Workshops will take place at the library from 6:30 to 8:30 p.m. on the following Wednesdays: April 6, 13, 20, 27 and May 4 and 11. Enrollment is mandatory and limited to the first 20 registrants. “In order to get the full benefit of the series,” explained Library Director Jenifer May, “registrants are asked to commit to attending all six classes. All participants who complete the series will receive a free book and a certificate of completion. Refreshments will be provided at each workshop as well.”
For more information or to register, contact May at (201) 330-2083 x4011 or email

2nd Annual Lupus Walk will be May 1

The Second Annual Hudson County Lupus Walk, including a day of family-friendly activities, will take place May 1 in Lincoln Park, Jersey City, beginning at 8 a.m. Donations for individual walkers are $10 and you can sign up for the walk or simply to donate at or at For more information call (551) 689-0500.

Boy Scout Troop 22 Pasta Dinner is May 13

Come to the Secaucus Boy Scout Troop 22 Pasta Dinner on Friday, May 13 from 5:30 to 8:30 p.m. at St. Matthew Lutheran Church, 800 Roosevelt Ave.
The donation is $10. Children 8 years old or younger are free.

Hackensack Riverkeeper launches 2016 Eco-Program season

The clean water advocacy group Hackensack Riverkeeper is poised to provide thousands of people with an enjoyable and educational experience of the river, its watershed, and wildlife. Riverkeeper’s eco-cruises, guided paddles, boat rentals, river cleanups, bird-walks, and indoor presentations combine environmental education with public service and fun. The new season begins Earth Day Weekend (April 23-24) with the re-opening of the organization’s Paddling Center at Laurel Hill Park in Secaucus and Overpeck Park Kayak Center in Teaneck. The Eco-Program season runs through the end of October.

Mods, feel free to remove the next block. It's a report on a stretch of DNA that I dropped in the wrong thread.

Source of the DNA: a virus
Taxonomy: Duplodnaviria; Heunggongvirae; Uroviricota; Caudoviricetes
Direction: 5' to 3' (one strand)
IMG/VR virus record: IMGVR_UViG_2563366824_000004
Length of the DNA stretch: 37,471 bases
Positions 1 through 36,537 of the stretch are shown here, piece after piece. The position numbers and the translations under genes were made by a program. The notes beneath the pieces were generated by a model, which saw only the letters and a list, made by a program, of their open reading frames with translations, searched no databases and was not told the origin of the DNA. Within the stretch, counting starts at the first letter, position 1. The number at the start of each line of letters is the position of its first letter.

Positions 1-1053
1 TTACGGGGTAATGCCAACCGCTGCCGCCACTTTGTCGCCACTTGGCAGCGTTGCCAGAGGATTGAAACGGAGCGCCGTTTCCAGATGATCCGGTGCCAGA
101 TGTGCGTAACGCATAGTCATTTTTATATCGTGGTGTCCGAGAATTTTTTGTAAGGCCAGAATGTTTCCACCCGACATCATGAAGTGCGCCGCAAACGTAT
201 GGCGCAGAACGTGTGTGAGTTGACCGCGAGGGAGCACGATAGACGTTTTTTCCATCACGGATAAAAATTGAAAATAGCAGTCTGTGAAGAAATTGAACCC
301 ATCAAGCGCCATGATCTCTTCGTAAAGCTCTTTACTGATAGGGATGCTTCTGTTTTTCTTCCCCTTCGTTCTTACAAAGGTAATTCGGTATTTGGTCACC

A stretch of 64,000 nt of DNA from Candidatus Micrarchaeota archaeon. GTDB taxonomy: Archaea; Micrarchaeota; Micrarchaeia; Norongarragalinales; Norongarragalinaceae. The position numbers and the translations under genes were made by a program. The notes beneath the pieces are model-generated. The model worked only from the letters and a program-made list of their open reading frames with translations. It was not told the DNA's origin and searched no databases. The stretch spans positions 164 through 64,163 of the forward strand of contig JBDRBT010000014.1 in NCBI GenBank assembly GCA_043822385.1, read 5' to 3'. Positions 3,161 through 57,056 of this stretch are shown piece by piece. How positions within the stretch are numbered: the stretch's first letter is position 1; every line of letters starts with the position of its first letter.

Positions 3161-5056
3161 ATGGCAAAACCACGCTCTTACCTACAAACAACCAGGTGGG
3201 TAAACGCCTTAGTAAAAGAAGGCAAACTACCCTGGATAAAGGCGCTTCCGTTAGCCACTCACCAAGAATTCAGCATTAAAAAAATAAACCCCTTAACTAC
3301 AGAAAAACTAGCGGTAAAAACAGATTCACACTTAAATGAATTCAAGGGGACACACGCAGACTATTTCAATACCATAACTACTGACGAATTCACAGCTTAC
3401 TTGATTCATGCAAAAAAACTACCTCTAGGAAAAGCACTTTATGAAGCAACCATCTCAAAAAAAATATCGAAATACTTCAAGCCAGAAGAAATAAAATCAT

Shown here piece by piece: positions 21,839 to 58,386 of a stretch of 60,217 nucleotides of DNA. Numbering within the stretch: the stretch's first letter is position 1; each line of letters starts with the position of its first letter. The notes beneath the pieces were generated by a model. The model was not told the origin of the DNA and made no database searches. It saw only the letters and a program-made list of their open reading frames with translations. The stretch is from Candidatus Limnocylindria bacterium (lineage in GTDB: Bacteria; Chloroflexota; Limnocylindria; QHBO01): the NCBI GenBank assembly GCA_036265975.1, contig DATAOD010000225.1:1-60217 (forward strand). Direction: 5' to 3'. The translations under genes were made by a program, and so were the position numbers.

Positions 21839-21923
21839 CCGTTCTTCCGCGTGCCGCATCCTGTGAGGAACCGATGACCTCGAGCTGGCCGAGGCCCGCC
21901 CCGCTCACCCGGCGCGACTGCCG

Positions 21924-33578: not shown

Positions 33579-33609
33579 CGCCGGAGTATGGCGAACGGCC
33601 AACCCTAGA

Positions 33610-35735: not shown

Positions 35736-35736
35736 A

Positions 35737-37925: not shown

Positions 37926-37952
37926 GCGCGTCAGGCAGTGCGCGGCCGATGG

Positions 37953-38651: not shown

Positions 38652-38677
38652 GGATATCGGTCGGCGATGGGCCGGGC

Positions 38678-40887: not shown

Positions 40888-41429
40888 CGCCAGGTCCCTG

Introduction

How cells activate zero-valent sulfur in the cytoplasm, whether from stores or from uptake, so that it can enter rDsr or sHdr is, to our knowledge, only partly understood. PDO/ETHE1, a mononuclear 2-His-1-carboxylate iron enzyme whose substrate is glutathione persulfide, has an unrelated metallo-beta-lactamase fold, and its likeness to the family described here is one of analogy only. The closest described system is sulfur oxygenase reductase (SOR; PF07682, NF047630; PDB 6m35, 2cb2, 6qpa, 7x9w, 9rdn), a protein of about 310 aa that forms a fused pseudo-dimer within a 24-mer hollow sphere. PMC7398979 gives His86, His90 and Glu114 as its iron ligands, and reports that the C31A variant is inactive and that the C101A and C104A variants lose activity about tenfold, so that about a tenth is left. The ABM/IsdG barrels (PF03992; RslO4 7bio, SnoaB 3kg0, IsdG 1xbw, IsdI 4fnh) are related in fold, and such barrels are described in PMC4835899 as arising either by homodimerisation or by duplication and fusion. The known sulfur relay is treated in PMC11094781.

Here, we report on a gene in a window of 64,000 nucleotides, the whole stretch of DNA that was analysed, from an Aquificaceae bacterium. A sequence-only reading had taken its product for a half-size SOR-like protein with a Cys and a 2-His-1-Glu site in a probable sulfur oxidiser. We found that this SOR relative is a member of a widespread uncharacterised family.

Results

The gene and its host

Forty Open Eco-Cruises are scheduled from May 1 through Oct. 15 aboard the 30-foot research vessels Geraldine Theresa and Robert H. Boyle II, which joined the fleet last year. This is Hackensack Riverkeeper’s signature environmental education program. Open trips are great for individuals, couples and families and can be had for a program donation of $25-$30 per person for adults, or $10 for kids ages 4-12. Three distinct Eco-Cruise itineraries are offered, including Meadowlands Discovery, which explores the wetlands & creeks of the river’s estuary. Charter Eco-Cruises can also be arranged for groups of up to 28 adults for any available date/time from May 2 through Oct. 31. Call Capt. Hugh Carola at (201) 968-0808 x102 or e-mail hugh@hackensackriverkeeper.orgfor more info or to book a trip.
Located on the river at Laurel Hill County Park in Secaucus, the Paddling Center is open weekends from Saturday, April 23 through Sunday, Oct. 30, weather permitting. It offers the use of canoes and kayaks for a donation of $25 per paddler (two-paddler minimum) for up to four hours for independent exploration. Eleven scheduled guided paddles will be conducted by center staff including nine popular full (and near-full) moon paddles. Program donation is $30 per paddler, or $15 per paddler for those their own boat(s). Private group paddle tours can be arranged by contacting Capt. Hugh Carola at the number above.
River cleanups give people of all ages the opportunity to give back to the environment and their communities. These active conservation events are scheduled at 11 different waterside locations within the Hackensack River Watershed from April 23 through Nov. 6. Riverkeeper provides cleanup tools and supplies as well as refreshments for all volunteers. All they ask is that everyone pitch in and help rid local waterways of litter and other debris. For more information about river cleanups including group participation and the organization’s Corporate River Stewardship Program, call Outreach and Volunteer Coordinator Caitlin Doran at (201) 968-0808 x105 or e-mail
Information on all Hackensack Riverkeeper Eco-Programs, including descriptions and schedules, is available at